“This is an important win for our team,” added Carney. “Joe Piels, Thuringer Energie, Joker Bianchi, Sparebanken, and Glud/Marstrand are strong, respected Continental teams in Europe. Even after losing our strongest rider (Veilleux) to a crash in the first stage, we still came out on top. I couldn’t be more proud of the efforts by our guys through this tough and unique race.”

The three day, UCI 2.2 ranked stage race marked the first time KBS has raced in Scandinavia, and when they weren’t busy maintaining the race’s persistent pace, riders were treated to host of beautiful sights and sounds through Norway and Sweden’s rolling, lush countrysides.

“When we weren’t covering moves, it was hard to ignore the beautiful scenery that Sweden has to offer,” said Neil Shirley after the first stage. “At one point we were speeding along a one-lane road with dense forest on our left and a massive and magnificent lake to our right. I was wishing I had a camera in my jersey pocket.” (Read an in-depth race report on Stage 1 from Neil Shirley)

The first stage, 140k from the race’s central hub in Kongsvinger to Arvika, Sweden, took place on twisty roads and constantly rolling terrain. In what proved to be the trend for the entire race, attacks flew early and the pace stayed hot throughout. The team worked to have at least one rider in every breakaway, and things were going well as the race headed across the border into Sweden.

Neil Shirley attacked hard up the stage’s final steep slope, and three other riders were able to bridge across. The gap hovered between 20-25 seconds, but the chasers were bearing down hard and the gap started to plummet. Coming into the final kilometer, the lead was reduced to seconds and just as Shirley was about to cross the line, the field came thundering down. Shirley finished fourth after his efforts, just shy of his first European podium.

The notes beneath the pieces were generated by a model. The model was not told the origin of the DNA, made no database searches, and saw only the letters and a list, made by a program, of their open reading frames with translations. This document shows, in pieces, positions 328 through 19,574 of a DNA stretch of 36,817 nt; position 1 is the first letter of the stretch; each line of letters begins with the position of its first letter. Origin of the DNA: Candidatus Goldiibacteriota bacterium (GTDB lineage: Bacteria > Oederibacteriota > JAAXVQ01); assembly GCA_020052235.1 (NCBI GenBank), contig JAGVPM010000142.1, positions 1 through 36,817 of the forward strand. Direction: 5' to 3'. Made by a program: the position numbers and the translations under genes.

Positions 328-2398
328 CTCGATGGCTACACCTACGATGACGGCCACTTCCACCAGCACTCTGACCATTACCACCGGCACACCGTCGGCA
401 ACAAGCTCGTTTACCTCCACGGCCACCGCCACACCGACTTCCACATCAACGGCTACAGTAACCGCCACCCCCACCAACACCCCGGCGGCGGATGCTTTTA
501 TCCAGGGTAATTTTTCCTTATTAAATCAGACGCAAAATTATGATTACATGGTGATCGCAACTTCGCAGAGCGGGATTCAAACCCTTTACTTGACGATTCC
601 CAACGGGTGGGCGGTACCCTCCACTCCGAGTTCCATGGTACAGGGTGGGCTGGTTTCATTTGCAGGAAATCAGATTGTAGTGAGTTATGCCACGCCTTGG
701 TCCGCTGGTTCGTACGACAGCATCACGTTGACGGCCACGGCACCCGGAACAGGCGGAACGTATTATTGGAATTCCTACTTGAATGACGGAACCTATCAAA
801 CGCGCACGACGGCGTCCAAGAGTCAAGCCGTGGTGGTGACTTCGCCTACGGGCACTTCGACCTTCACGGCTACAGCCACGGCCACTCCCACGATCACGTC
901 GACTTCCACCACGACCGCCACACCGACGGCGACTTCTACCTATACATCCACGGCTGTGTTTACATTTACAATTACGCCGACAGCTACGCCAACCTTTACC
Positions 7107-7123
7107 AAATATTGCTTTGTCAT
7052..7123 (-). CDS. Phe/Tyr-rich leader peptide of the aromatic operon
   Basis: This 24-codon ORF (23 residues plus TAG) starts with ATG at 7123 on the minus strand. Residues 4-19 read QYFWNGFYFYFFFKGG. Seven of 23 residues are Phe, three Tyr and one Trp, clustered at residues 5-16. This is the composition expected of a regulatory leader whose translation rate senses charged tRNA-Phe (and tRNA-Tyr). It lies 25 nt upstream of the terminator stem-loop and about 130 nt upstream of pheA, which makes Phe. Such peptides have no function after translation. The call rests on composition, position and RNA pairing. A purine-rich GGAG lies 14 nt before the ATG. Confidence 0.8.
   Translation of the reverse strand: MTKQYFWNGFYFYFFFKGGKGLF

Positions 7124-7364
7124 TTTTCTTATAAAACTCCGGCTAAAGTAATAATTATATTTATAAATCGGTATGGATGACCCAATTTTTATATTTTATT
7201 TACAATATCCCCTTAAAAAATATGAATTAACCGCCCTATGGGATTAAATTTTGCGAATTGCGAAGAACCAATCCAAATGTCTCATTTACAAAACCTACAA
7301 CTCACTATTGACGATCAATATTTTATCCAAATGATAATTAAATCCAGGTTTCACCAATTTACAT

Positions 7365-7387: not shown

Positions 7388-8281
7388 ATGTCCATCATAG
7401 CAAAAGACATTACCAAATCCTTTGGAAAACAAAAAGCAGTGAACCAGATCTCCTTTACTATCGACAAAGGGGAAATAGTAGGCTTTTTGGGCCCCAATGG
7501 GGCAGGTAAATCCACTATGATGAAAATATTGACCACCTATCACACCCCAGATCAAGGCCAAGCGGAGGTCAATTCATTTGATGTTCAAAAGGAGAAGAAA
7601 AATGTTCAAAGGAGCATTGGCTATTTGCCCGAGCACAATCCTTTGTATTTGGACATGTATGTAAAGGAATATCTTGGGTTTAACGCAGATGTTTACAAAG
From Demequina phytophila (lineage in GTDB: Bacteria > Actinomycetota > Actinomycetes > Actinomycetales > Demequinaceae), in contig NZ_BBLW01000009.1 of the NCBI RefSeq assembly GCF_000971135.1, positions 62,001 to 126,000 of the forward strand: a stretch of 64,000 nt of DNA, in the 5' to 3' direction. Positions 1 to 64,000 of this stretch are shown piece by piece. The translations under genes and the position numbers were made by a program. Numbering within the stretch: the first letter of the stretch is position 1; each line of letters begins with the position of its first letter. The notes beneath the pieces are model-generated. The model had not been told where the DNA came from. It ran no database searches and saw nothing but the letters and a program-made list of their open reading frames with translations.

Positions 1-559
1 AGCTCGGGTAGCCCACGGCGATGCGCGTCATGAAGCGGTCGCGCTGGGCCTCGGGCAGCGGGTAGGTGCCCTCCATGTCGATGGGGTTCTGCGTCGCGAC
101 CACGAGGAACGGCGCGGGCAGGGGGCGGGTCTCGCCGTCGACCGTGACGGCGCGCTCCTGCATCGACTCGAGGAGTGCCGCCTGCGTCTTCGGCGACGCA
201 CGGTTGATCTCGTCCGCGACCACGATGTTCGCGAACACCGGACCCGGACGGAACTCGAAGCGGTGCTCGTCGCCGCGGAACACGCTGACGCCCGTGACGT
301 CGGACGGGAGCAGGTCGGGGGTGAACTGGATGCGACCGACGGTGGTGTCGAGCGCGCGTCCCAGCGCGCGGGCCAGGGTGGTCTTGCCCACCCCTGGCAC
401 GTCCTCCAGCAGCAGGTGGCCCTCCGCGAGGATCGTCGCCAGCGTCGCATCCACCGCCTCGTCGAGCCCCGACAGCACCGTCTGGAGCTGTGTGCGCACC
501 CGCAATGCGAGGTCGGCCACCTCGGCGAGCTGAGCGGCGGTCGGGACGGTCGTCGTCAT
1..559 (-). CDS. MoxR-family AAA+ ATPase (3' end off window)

Despite the near miss, the race was a considerable success and put Shirley and Candelario in the top ten on GC heading into Stage 2.

Stage 2, a tough 197km trek in and around Kongsvinger, gave the team an opportunity to move further up the GC. With Veilleux forced to abandon after his crash, the team was down to 5 riders, and climbing specialists Neil Shirley and Jesse Anthony would be the go-to-guys for a brief but nasty uphill finish.

“The finish was on a cobbled road through an old tunnel and into a courtyard inside a medievil fortress at the top of a 1200 meter-long climb,” said Anthony after the race. “It’s hard to imagine, but it is a pretty awesome scene when you actually see it. It’s really cool how some of these European races incorporate the local history into the event.” (Read an in-depth race report from Jesse Anthony on Stage 2 )

After a long day of attacks and chases through rolling hills, the peloton finally reached the epic final climb. With around 400 meters to go, the road steepened significantly and Anthony was able to open up a small gap and dig in full-tilt for the final few hundred meters. Shirley followed the surge of riders who chased, and kept himself in perfect position to pounce. Anthony lost his gap and was passed by powerful German rider Marcel Kittel in the final few hundred meters, settling for second on the stage. Shirley completed his stupendous effort in 4th place, keeping his high place in the GC, and Anthony moved into second overall, setting the team up nicely for the victory it would claim the following day.